In Michael Chabon's novella The Final Solution, Sherlock Holmes comes out of retirement in the 1940s to solve the case of a young Jewish refugee's missing parrot and, eventually, a murder. Although Holmes--his body weakened, his mind failing, and his thoughts constantly on his impending death--solves the murder, he fails to unravel the central mystery of the story--the significance of the strings of German numbers the parrot recites. A Rosebud-like secret that not even Holmes could ever hope to penetrate, it is revealed to the readers in the book's final pages.
The detective story, in the Sherlock Holmes mode, is about the triumph of rationalism. The detective strides onto a scene in which the moral order of the world has been upset and, using his wits and powers of observation, sets the world aright. It's an empowerment fantasy, too: all that is required to repair the world's ills is sufficient intellect and determination. Holmes himself is the paragon of 19th century rationalism, of an Empire the sun would never set on; the stalwart and honorable emblem of the Victorian age (with, of course, a secret opium habit and an unrequited crush on his best friend).
When confronted with the irrational horrors of the 20th century, Chabon's Holmes crumbles. What can a detective--even The Great Detective--do to right the wrongs of the Holocaust and the World Wars? What form of rational inquiry is powerful enough to make sense of them?
Despite the rather absurd comparisons to the Harry Potter series, The Final Solution was the book that came most powerfully to my mind when I read Susannah Clarke's bestselling fantasy Jonathan Strange & Mr. Norrell earlier this year. Both books examine the Victorian conviction that the mysteries of the world can be solved with good old-fashioned English common sense, ingenuity, and perseverance. In both books, the inherent irrationality of the world overwhelms the best efforts to comprehend it.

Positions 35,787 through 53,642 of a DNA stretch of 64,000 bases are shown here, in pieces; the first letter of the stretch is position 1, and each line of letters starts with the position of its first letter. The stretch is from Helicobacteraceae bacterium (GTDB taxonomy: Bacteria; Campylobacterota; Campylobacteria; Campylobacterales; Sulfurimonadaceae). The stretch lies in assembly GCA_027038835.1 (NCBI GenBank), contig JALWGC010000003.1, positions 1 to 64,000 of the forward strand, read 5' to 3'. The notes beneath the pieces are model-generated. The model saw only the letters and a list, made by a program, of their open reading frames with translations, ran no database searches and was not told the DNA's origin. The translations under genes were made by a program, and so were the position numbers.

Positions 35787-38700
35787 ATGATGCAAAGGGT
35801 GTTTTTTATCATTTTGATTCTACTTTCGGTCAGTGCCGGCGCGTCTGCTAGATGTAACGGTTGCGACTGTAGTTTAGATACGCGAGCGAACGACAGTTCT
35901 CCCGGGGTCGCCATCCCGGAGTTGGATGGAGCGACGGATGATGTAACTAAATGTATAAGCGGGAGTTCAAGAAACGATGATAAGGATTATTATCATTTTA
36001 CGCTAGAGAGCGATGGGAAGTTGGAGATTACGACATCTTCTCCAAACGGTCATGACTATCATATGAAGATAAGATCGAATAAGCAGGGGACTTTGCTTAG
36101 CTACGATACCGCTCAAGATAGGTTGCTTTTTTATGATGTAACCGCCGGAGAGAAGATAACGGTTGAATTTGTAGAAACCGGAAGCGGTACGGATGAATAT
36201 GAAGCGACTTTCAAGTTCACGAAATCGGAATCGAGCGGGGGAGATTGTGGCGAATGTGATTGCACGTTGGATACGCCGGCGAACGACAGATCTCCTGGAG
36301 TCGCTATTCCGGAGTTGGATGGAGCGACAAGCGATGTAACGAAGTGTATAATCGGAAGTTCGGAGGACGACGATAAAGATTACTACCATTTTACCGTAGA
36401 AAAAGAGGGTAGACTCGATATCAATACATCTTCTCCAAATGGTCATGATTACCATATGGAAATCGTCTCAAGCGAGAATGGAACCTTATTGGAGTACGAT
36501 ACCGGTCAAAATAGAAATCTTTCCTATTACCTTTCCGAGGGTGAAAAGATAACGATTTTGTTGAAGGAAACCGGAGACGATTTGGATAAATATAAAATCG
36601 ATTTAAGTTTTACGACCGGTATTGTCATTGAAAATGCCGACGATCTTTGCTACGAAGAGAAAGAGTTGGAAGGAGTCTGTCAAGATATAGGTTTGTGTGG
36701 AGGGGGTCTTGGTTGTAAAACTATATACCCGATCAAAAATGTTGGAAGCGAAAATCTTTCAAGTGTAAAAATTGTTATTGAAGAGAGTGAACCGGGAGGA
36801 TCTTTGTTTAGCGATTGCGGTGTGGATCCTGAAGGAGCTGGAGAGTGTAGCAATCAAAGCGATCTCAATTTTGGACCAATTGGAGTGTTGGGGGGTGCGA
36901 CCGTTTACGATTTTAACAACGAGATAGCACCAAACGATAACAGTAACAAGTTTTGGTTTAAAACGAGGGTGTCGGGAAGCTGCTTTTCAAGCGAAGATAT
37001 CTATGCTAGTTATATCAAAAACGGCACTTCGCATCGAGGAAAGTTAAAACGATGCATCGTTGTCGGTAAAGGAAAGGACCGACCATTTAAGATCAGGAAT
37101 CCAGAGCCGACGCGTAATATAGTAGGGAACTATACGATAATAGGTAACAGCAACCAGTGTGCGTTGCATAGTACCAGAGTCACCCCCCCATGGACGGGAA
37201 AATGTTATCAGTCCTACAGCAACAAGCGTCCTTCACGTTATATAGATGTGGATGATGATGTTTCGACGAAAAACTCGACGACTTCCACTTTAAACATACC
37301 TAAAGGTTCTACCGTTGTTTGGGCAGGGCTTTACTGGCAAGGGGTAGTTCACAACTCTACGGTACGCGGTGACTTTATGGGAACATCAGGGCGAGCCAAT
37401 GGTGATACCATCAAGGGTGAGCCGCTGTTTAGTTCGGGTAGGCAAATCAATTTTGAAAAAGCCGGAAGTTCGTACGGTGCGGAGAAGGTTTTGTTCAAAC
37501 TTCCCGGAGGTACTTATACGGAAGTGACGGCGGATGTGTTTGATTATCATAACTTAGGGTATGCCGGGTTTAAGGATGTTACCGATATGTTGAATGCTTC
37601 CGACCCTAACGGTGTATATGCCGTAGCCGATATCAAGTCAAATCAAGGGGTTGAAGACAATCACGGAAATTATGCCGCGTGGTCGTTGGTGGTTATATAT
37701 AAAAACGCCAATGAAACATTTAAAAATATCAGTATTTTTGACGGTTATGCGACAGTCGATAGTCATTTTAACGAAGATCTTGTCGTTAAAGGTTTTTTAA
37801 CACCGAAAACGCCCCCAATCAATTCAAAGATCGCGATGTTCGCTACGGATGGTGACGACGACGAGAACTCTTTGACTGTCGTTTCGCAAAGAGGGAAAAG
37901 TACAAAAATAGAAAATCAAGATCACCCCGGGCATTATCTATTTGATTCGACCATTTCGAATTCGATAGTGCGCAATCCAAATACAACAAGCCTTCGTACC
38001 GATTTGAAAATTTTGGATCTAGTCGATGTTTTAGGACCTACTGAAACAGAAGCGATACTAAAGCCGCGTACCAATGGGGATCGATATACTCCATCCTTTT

John Clute has described Strange & Norrell as being a story about "the unthinning of the world". Standing at the other end of the Victorian era from Chabon's Holmes, the magician Norrell announces the return of practical magic after years of merely theoretical pursuit. Deeply paranoid and greedy for fame and recognition, Norrell hoards England's magical texts and attempts to encourage a new, rationalist approach to wizardry. His magic is devoid of mystery, mysticism, and wonder.
Of course, what Norrell and his sometimes pupil and friend Strange discover is that whether you want them or not, mystery and wonder are the unavoidable side effects of working magic. They attract the attention of a fairy, who proceeds to wreak havoc under their oblivious noses. By the book's end, and despite Norrell's best efforts, England has slipped back into an era of wonder.
The meeting of the magical and mundane, the rational and irrational, has been a staple of the fantasy genre since its inception. We could add Hope Mirrlees' Lud-in-the-Mist--in which the middle-class merchants of Lud-in-the-Mist banish their feudal lord and his fairy friends from their town, their language and their consciousness, only to watch as their children are carried away and fairy culture seeps back into their lives--to the list of books that chart the defeat of rationalism in the face of wonder. Neil Gaiman, having a great deal more sense than publicists and journalists, pointed out that Mirrlees' book is a clear progenitor of Strange & Norrell, and in Gaiman's novels he also places modern, rational protagonists in magical, irrational settings (Richard Mayhew, kidnapped into London Below in Neverwhere; Tristran Thorn, whisked off into Faerie in Stardust; Shadow, imbroiled in the affairs of the gods in American Gods. Apparently, Charlie Nancy has a similar journey in the upcoming Anansi Boys).
Traditionally, these rational 20th century types are quickly taken over by the mystical world they've entered. Bringing a modern sensibility to fantasy, as Gaiman, for example, is often credited with doing, actually means tinging the modern with the magical and the insane. But a new generation of fantasy writers is calling that assumption into question.